21 Dog Years: Doing Time @ Amazon.com – Mike Daisey

21 Dog Years: Doing Time @ Amazon.com – Mike Daisey

Ever wonder what put the dot in the .com boom? Greed, guys. Nothing but pure and unadulterated human greed, according to actor/monologist Michael Daisey, who bears the scars of first-hand encounter. Daisey is a funny man and his 21 Dog Years: Doing Time @ Amazon.com is a very funny show. This little offering premiered in Seattle and went on to off-Broadway and beyond.

Daisey is a pudgy guy in a black shirt and pants. He perspires. A lot. Intensely physical, he is all over the stage, sweating, mugging and assuming the persona of a dozen or more characters with whom he interacts. As we accompany him on his journey from office temp to business development exec (and back again), we grow to know him and his wife Jean-Michele, who is, in real life, the director of this piece. In the course of his odyssey, Daisey manages to gently skewer mothers (his own), geeks, bad rock bands, Power Point presentations and the cult of (Amazon.com CEO) Jeff Bezos as deity. Not to mention “the paramount position of customer service in our society.” (Not!)

Until he gets out, Daisey defines the dot.com sellout but, to tell the truth, he only did it for the insurance – at least in the beginning. Temps don’t get insurance but permanent employees do, so our hero, armed only with a Bachelor’s degree in aesthetics, enters the hallowed halls of Amazon.com – where employees bring their dogs to work and let them run free. Eventually, the animals coalesce into packs, which could be a nice metaphor for what happens to the humans as well.

As an entry level customer service rep, Daisey lives life in a cubicle, where every move he makes, every call he answers is noted on his productivity chart. Eventually, the scrutiny gets to be too much for our hero so he interviews for a better position. He still possesses no skills whatsoever but that doesn’t seem to be a problem in a world that simply requires you to keep talking and look busy. To his astonishment, he gets the job and starts making some real money for the first time in his life. Even better, he gets stock options. He doesn’t really do anything, mind you, but neither does anybody else. Between playing video games, reading the Wall Street Journal and sucking down innumerable lattes, they all manage to get through the day. Finally, Daisey can’t stand it anymore because “Free bagels and shiatsu massages don’t really constitute a belief system.” To the horror of everybody who knows him, he takes all the money he’s made and Jean-Michele and heads off to Spain, where laziness has been raised to an art form. He feels right at home there.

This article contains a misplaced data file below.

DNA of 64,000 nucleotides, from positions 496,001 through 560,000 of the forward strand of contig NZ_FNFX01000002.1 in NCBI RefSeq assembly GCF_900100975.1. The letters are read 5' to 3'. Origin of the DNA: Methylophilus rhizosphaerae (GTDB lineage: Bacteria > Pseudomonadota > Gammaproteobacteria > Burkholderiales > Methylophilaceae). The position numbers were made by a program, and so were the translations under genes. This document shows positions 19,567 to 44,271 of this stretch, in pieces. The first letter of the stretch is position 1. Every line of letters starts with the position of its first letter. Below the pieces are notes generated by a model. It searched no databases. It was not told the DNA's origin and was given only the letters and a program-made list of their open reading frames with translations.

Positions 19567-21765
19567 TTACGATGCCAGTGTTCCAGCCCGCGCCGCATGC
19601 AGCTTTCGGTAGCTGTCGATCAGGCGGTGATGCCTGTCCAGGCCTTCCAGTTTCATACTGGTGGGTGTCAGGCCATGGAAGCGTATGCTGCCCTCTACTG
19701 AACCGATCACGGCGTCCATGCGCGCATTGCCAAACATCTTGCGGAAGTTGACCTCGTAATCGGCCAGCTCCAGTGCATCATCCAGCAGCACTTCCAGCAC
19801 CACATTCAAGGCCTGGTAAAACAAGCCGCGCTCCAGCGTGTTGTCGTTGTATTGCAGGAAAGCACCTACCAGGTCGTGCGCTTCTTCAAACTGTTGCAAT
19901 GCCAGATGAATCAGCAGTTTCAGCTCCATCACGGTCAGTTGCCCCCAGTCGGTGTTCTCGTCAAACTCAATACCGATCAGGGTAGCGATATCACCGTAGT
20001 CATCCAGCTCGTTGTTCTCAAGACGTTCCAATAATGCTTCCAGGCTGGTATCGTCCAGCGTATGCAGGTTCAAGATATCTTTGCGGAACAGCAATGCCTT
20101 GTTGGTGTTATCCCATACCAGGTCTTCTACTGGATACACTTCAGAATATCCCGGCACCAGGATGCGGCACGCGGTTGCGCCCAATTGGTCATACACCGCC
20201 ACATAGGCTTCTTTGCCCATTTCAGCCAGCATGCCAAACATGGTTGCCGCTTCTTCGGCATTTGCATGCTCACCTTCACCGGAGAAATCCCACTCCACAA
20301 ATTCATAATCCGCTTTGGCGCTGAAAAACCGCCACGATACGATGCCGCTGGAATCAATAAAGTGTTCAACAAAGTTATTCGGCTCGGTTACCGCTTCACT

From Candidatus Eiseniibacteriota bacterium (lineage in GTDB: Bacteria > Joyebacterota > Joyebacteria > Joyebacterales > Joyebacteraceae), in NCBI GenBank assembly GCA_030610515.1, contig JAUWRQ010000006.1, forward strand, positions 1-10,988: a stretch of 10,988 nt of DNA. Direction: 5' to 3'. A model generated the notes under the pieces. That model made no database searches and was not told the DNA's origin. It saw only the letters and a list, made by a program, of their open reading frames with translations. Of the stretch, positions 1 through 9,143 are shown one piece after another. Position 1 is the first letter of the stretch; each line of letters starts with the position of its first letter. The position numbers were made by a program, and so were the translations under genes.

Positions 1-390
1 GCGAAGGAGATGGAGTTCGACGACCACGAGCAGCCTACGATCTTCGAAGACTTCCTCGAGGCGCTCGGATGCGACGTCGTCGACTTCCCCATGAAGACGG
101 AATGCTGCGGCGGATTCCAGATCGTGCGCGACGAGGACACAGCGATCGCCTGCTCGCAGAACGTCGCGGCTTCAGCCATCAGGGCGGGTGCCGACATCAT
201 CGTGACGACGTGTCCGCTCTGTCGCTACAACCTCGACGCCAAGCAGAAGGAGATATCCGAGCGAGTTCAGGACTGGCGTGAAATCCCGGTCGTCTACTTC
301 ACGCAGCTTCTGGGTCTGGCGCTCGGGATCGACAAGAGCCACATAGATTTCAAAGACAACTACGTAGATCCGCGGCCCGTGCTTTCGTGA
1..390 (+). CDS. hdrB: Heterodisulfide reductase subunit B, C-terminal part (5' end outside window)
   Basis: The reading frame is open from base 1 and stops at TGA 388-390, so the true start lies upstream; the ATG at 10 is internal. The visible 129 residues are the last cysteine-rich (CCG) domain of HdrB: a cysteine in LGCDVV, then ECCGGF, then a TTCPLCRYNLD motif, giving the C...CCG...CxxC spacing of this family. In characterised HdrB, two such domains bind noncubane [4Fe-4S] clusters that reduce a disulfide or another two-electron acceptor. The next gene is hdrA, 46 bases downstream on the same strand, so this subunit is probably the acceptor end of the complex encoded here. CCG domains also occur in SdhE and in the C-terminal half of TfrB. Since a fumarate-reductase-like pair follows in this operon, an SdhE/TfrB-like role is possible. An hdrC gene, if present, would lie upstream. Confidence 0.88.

Mike Daisey is one of the lucky ones. No, he never got to cash in those options to become an instant millionaire but he got out of the dot.com business before the business got him. Along the rocky road, somebody must have said to him “You’ll laugh about this someday.” And they were right. Thanks for sharing, Mike. We’re laughing right along with you.

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San Francisco, CA
Suzanne Weiss has been writing about the arts for the past 35 years. Formerly Arts Editor for the papers of Pioneer Press in the northern Chicago suburban area, her work also has appeared in Stagebill and Crain’s Chicago Business, among other publications. Since moving to the Bay Area she has reviewed theater, opera, dance and the occasional film for the San Mateo Times, “J” and is a regular contributor to culturevulture. She is the author of “Glencoe, Queen of Suburbs.”